“The image of the fires and gathering spots across a landscape seemed so relevant for a park in the midst of our city,” says Torrey Butzer, a partner at Butzer Architects and Urbanism. The original inspiration came from an 1889 quote from Harper’s Weekly. In “The Rush to Oklahoma,” William Willard Howard wrote, “At twilight the campfires of 10,000 people gleamed on the grassy slopes of the Cimarron Valley, where, the night before, the coyote, the gray wolf, and the deer had roamed undisturbed.”
The new buildings (the café, a performance stage, a boathouse, a play and picnic pavilion, and a multi-purpose shade pavilion) use low-key chromatic references to the Great Plains as well, with a champagne-colored metal that’s “the color of dust,” says Butzer. The hot and windy climate meant that the buildings are “as much about shade as they are about interior space,” says Jones; they deploy deep roof overhangs and low, broad profiles to block out wind and sun.
The eastern edge of the park hosts a promenade leading south, lined by native Shumard oaks, with 22-foot-high, luminous “sky pillars” by light artist James Carpenter. Further south, a pond offers paddle boating and plenty of shoreline.
To the south and west of the park are woodland gardens that are densely planted, more sylvan than civic; a “place for people to get lost,” says Jones. These areas are also home to one of the park’s most expressive landscape features: “lens gardens.” The lens gardens are slight depressions or mounds, about 40 feet in diameter. These are covered in themed plantings (cactus, grasses, perennials, sages) and adapted for several purposes, like stormwater retention or playscapes. With such clear artificial geometry, “we like to strike formal moves [that] are clearly discernible as manmade,” Jones says. “These perfect circles appeared within the field of ‘nature.’ [But] this is not nature. This is a made place. [It’s] form-giving to make a place memorable.”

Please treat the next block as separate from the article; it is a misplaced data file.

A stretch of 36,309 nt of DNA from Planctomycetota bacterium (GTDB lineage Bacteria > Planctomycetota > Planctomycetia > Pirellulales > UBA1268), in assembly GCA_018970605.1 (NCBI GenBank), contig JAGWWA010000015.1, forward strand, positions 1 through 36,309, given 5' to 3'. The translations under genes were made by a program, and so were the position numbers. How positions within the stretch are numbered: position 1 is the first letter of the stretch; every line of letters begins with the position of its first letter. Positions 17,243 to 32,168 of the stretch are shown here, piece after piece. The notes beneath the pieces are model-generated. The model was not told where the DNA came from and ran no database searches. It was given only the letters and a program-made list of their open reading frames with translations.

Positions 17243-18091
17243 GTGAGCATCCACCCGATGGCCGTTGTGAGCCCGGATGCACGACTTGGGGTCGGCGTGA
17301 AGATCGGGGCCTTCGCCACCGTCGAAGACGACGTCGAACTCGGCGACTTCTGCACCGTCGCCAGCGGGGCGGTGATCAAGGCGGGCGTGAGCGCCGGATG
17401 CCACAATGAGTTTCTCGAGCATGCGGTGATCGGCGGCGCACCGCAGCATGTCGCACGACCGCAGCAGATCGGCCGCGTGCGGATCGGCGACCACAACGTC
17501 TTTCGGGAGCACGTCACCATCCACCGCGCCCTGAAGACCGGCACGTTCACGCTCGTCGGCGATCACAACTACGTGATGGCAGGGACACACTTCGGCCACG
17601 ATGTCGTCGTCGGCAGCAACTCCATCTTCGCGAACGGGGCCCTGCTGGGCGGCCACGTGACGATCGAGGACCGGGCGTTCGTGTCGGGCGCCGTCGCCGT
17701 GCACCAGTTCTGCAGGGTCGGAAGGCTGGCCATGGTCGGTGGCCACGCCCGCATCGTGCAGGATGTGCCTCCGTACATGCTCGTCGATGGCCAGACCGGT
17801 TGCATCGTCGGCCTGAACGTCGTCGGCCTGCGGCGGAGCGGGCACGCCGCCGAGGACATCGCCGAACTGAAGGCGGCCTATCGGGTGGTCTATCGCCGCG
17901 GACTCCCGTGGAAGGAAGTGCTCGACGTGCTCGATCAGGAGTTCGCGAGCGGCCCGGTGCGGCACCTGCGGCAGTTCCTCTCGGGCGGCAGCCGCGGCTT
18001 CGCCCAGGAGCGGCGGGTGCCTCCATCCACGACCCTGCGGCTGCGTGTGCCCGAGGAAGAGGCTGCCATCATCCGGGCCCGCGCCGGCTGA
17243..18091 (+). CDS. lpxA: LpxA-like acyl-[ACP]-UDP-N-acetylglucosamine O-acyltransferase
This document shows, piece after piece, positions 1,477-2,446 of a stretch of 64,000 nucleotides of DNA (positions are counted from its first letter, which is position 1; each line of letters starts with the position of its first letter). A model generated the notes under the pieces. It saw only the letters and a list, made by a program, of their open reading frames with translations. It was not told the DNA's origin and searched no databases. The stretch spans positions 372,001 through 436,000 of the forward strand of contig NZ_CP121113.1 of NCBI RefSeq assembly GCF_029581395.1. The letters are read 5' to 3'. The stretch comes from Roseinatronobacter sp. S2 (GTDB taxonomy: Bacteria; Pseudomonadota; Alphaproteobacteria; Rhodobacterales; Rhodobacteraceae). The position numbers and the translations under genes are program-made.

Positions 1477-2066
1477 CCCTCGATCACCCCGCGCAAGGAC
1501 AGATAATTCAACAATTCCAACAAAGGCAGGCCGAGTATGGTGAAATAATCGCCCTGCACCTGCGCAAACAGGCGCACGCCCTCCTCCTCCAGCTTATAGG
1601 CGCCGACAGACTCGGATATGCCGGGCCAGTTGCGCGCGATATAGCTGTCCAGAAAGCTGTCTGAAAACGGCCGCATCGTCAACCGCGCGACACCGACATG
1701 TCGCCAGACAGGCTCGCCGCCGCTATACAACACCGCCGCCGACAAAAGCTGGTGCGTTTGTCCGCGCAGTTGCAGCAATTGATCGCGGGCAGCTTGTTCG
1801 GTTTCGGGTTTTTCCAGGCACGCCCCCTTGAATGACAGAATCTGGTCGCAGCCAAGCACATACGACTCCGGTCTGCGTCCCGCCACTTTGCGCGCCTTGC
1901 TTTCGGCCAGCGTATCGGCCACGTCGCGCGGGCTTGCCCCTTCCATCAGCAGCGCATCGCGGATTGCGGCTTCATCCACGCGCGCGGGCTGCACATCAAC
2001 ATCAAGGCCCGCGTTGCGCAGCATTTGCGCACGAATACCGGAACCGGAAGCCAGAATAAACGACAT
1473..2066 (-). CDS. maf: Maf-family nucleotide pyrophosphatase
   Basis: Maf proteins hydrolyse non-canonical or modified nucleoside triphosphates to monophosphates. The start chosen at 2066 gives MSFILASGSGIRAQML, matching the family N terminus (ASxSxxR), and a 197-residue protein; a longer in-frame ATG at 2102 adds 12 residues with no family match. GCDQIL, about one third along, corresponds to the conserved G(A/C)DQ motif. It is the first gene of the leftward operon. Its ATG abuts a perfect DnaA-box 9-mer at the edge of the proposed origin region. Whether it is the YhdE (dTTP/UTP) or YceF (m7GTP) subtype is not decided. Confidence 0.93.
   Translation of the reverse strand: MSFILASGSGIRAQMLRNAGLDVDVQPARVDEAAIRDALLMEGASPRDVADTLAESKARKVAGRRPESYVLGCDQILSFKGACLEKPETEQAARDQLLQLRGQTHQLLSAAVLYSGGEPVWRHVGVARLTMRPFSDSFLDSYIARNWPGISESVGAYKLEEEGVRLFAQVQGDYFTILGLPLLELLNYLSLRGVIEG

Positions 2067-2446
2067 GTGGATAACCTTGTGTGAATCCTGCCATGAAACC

A dog park, picnic grounds, playgrounds, and more round out the park’s offerings. And this 36 acres is just the first segment of Scissortail Park to be unveiled. By 2021, Oklahoma City is planning to open a southern section of the park, to be connected over Interstate 40 at the existing park’s southern border via a pedestrian bridge, called the Skydance Bridge, also designed by Butzer Architects and Urbanism (with the consortium S-X-L) and completed in 2012. The upcoming park will feature more naturalistic plantings and sports fields, and together, the two halves will form a 70-acre park that stretches from the central business district to the banks of the Oklahoma River.
Scissortail Park is among MAPS’s most democratic offerings. It’s notable that Skydance Bridge was completed a full 7 years before the park, when the surrounding neighborhood was a disused warehouse district. Without the long track record of MAPS, it might have ended up as a literal bridge to nowhere, the kind that lawmakers enjoy lambasting as a feckless waste of public dollars. As Oklahoma City continues to invest money and resources into Scissortail Park, there’s reason to hope that, like the bridge, it creates more paths for investment to flow beyond the borders of downtown.